to keep the home together as long as she could. She remembered
the last night of her mother's illness; she was again in the close
dark room at the other side of the hall and outside she heard a
melancholy air of Italy. The organ-player had been ordered to go
away and given sixpence. She remembered her father strutting
back into the sickroom saying:
"Damned Italians! coming over here!"
As she mused the pitiful vision of her mother's life laid its spell on
the very quick of her being--that life of commonplace sacrifices
closing in final craziness. She trembled as she heard again her
mother's voice saying constantly with foolish insistence:
"Derevaun Seraun! Derevaun Seraun!"
She stood up in a sudden impulse of terror. Escape! She must
escape! Frank would save her. He would give her life, perhaps
love, too. But she wanted to live. Why should she be unhappy? She
had a right to happiness. Frank would take her in his arms, fold her
in his arms. He would save her.
She stood among the swaying crowd in the station at the North
Wall. He held her hand and she knew that he was speaking to her,
saying something about the passage over and over again. The
station was full of soldiers with brown baggages. Through the wide
doors of the sheds she caught a glimpse of the black mass of the
boat, lying in beside the quay wall, with illumined portholes. She
answered nothing. She felt her cheek pale and cold and, out of a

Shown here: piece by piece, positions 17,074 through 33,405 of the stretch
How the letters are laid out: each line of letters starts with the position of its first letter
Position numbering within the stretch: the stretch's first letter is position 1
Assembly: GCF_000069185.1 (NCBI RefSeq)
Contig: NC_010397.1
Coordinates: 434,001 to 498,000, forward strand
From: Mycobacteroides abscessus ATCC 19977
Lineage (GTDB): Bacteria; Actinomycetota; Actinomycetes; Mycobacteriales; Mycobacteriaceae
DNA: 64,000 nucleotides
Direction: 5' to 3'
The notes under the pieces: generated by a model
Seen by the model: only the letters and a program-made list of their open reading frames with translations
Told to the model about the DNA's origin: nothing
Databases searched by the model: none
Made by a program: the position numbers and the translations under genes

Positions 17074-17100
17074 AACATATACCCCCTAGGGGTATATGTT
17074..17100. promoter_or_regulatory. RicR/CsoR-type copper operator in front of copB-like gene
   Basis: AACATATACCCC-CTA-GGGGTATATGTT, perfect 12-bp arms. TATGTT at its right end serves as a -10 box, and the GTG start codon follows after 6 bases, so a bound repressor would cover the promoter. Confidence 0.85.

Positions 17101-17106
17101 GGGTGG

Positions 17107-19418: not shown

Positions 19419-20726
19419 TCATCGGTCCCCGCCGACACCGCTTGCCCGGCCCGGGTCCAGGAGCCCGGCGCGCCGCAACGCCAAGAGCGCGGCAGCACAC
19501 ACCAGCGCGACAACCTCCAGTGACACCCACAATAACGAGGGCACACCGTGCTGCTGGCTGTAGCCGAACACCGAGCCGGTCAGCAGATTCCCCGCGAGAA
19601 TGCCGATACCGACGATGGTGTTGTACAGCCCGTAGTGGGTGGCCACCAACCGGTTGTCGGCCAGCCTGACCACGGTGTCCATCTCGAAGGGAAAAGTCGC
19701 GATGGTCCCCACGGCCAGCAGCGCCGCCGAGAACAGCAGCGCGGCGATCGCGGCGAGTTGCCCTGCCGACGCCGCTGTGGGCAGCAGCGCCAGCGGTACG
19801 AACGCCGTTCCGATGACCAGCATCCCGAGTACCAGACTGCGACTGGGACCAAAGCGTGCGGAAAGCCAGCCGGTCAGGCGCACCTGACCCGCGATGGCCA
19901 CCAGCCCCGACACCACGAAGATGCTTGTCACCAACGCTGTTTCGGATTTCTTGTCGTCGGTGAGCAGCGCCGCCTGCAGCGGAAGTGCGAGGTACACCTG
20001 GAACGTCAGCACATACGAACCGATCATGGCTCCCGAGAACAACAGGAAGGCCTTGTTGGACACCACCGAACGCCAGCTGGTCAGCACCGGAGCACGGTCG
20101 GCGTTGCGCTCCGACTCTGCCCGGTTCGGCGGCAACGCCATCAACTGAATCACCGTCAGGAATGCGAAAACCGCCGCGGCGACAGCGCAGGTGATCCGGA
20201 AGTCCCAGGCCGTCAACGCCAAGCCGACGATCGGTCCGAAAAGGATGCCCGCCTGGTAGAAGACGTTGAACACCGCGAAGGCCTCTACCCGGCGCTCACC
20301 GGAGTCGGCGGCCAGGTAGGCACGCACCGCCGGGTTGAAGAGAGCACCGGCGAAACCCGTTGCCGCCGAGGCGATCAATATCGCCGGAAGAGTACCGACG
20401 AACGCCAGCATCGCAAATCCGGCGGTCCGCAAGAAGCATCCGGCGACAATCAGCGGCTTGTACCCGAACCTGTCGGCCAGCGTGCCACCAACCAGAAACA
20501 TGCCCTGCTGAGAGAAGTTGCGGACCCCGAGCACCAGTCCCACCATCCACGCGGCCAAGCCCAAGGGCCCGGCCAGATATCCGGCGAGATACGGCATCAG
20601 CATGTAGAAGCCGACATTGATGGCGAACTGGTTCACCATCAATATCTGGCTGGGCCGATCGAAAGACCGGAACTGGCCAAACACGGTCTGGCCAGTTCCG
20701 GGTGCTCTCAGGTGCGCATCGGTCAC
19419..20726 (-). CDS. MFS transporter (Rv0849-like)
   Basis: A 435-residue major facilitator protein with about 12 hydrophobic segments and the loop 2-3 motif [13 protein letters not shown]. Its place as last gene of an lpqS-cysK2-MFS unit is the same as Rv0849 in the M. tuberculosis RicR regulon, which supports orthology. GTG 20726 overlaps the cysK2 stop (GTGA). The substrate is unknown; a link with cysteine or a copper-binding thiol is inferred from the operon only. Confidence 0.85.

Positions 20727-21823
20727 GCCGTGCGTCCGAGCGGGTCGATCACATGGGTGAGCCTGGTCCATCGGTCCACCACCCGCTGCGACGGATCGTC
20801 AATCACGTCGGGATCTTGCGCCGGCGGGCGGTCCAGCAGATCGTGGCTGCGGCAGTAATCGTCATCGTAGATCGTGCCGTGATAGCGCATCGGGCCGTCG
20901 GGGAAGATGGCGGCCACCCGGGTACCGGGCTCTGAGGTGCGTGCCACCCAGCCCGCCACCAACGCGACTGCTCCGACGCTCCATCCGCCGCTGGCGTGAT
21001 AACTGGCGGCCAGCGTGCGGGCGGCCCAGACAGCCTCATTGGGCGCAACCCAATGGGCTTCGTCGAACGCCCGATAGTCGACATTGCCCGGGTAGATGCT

maze of distress, she prayed to God to direct her, to show her what
was her duty. The boat blew a long mournful whistle into the mist.
If she went, tomorrow she would be on the sea with Frank,
steaming towards Buenos Ayres. Their passage had been booked.
Could she still draw back after all he had done for her? Her
distress awoke a nausea in her body and she kept moving her lips
in silent fervent prayer.
A bell clanged upon her heart. She felt him seize her hand:
All the seas of the world tumbled about her heart. He was drawing
her into them: he would drown her. She gripped with both hands at
the iron railing.
No! No! No! It was impossible. Her hands clutched the iron in
frenzy. Amid the seas she sent a cry of anguish.
He rushed beyond the barrier and called to her to follow. He was
shouted at to go on but he still called to her. She set her white face
to him, passive, like a helpless animal. Her eyes gave him no sign
of love or farewell or recognition.